Now and then, often while we’re preoccupied with some screen or other, something particularly interesting happens in the sky. A very bright star appears, as if it’s suddenly popped through the inky background, and flies across the heavens. It winks out as abruptly as it appeared. It’s startling the first time you see it.
The star is, of course, no star, but the International Space Station, hurtling silently above as it rounds the world every 90 minutes. Get out binoculars, and you might just make out its solar panels. It’s a weird brand of frisson when you remember images of floating astronauts aboard this awkward-looking craft and realize that there, right there above you, is the real, actual space station. I’d give most anything to see the view from up there.
When other people get excited about the Red Sox, say, or the Superbowl, I’ve got nothing. Even though I once played football, I can’t muster up any way to care about a bunch of overpaid men vying for temporary supremacy, no matter how well they can throw or catch something.
But space? It’s hard to understand why it leaves others as stone-cold as Deflategate leaves me. When recently the first-ever high-res images of Pluto came beaming back from as far afield as we’ve ever managed a close-up, the first viewers in the NASA press room gasped. After the initial photos of the heart-emblazoned world came shots of a mountain range that humans probably won’t step foot on for several lifetimes. There was a spirit in the air for a few days that revealed something intriguing: our hunger for knowing things just because we can is still around. Maybe, despite our necessary preoccupations with the immediate, we can’t help but yearn to look ever farther into the unknown.
But get too high-flown about the cold reaches of the sky, and an argument that makes me want to knock my head against a meteorite quickly arrives: Why should we fund space research when there are hungry people on Earth?
Stop it with that kumbaya chorus, people.
On its face, it’s a fair point. And if those were our only two choices, I might reluctantly concede it. But it’s an irritating false dichotomy: NASA’s money is hardly the only money that might be freed up for solving such big problems as hunger. We don’t have to choose between reaching Pluto or eradicating human suffering.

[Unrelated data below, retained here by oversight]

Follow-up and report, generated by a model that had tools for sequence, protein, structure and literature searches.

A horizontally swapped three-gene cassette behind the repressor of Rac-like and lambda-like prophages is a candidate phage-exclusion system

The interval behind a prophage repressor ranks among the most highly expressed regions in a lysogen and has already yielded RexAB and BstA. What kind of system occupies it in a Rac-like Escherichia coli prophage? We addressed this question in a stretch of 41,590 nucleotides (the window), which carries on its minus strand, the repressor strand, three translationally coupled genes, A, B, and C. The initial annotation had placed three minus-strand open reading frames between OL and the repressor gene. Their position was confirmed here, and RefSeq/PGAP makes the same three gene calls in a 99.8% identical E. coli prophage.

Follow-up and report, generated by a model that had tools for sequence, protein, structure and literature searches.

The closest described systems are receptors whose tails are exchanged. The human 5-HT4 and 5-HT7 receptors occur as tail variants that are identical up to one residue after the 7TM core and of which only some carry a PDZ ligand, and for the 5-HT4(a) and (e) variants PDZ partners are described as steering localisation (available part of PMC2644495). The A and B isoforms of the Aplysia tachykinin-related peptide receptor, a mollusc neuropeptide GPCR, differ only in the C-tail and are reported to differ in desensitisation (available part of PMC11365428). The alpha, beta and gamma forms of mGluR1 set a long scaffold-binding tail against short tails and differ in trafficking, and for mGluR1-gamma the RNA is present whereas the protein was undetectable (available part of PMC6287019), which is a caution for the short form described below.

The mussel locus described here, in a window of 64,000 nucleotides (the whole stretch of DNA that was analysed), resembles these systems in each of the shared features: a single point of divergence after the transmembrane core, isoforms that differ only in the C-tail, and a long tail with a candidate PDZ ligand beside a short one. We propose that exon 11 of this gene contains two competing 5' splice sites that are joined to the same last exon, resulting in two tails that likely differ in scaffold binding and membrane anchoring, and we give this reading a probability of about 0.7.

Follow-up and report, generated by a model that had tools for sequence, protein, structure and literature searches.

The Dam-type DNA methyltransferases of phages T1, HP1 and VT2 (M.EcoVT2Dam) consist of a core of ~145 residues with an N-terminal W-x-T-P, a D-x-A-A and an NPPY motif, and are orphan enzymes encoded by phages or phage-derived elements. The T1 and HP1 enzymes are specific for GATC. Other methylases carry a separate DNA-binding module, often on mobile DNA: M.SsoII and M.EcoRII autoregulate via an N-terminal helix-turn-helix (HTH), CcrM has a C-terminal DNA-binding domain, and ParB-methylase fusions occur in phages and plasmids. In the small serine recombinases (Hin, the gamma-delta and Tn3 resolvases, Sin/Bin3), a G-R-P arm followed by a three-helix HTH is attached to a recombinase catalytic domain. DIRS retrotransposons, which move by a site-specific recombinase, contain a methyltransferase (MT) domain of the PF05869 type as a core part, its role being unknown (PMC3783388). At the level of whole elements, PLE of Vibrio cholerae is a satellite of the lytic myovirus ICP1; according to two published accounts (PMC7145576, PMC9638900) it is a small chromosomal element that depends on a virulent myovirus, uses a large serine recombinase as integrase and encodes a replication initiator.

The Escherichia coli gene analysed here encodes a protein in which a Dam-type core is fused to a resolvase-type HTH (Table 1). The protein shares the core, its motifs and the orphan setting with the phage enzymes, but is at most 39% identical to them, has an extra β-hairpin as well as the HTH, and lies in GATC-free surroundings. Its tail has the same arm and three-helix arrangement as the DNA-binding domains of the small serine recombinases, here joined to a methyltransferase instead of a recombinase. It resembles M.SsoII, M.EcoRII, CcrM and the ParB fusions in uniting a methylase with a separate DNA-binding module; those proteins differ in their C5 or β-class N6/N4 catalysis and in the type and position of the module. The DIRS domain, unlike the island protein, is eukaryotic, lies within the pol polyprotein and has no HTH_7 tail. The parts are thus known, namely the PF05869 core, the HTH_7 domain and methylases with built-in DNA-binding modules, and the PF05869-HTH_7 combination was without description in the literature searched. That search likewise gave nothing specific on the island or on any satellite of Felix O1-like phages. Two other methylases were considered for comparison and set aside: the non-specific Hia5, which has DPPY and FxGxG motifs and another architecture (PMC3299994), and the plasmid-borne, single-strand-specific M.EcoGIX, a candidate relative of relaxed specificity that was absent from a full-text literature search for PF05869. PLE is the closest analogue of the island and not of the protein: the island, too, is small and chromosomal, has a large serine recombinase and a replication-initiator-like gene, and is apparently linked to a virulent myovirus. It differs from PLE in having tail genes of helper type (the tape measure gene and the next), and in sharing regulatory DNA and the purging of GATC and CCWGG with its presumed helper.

Add up the 13-year cost of the wars in Iraq and Afghanistan, and, according to a 2014 Congressional Research Service report, you get $1.5 trillion. And that doesn’t factor in non-negotiable long-term future costs like care of veterans beyond the war years. If, like a fair number of folks, you approved of the war in Afghanistan but not the controversial one in Iraq, remove the Afghanistan cost. You still get $815 billion. That’s an average of $62.7 billion per year from 2001 until 2014.
That’ll buy a lot of rockets: NASA’s budget for 2015 is $18 billion.
Even in the Apollo moon mission years, the agency’s budget didn’t match the cost of war in Iraq. We can spare some billions for exploration of the universe in which we live. Particularly if we keep the fighting to a minimum. And, lest one false dichotomy replace another, that’s hardly the only other source of funds we might re-allocate to combat hunger should we really try.
Space matters. After all, we live there. We live on one planet of probably billions of planets, and we’re moving thousands of miles per hour around an unremarkable star. Just because we call it “the” sun, and this rocky place in space “Earth” doesn’t make either special in a larger context. To think otherwise is to navel-gaze: yes, we humans are here, and that’s cool. Maybe special, maybe not. This unfathomably large universe full of nebulae and stars is all we’ve got. We’re soaking in it every day — we breathe air gravity keeps close to our outpost in space. What lies beyond our thin blanket of air it is just as real, and just as important.
When I aim my telescope at a star, I wonder what’s there. Is there someone/something looking back? The odds are better than good that’s true somewhere, even though the distances involved may mean we won’t ever make contact. I can’t help but think: What if someone pre-Columbus had a scope powerful enough to look over the Atlantic and see our shores? What if she couldn’t find a way to get there, even though she saw the unknown destination waiting? I’m sure there were plenty of folks who’d laugh and tell her to get real, maybe settle in for an evening of music and wine and stop worrying about whatever’s over there.
If images from space feel far removed, unimportant, give that space station bit a try. It’s as easy as visiting spotthestation.nasa.gov, finding the right time, and looking up as it carves a manmade path into the unknown.•
James Heflin can be reached at firstname.lastname@example.org.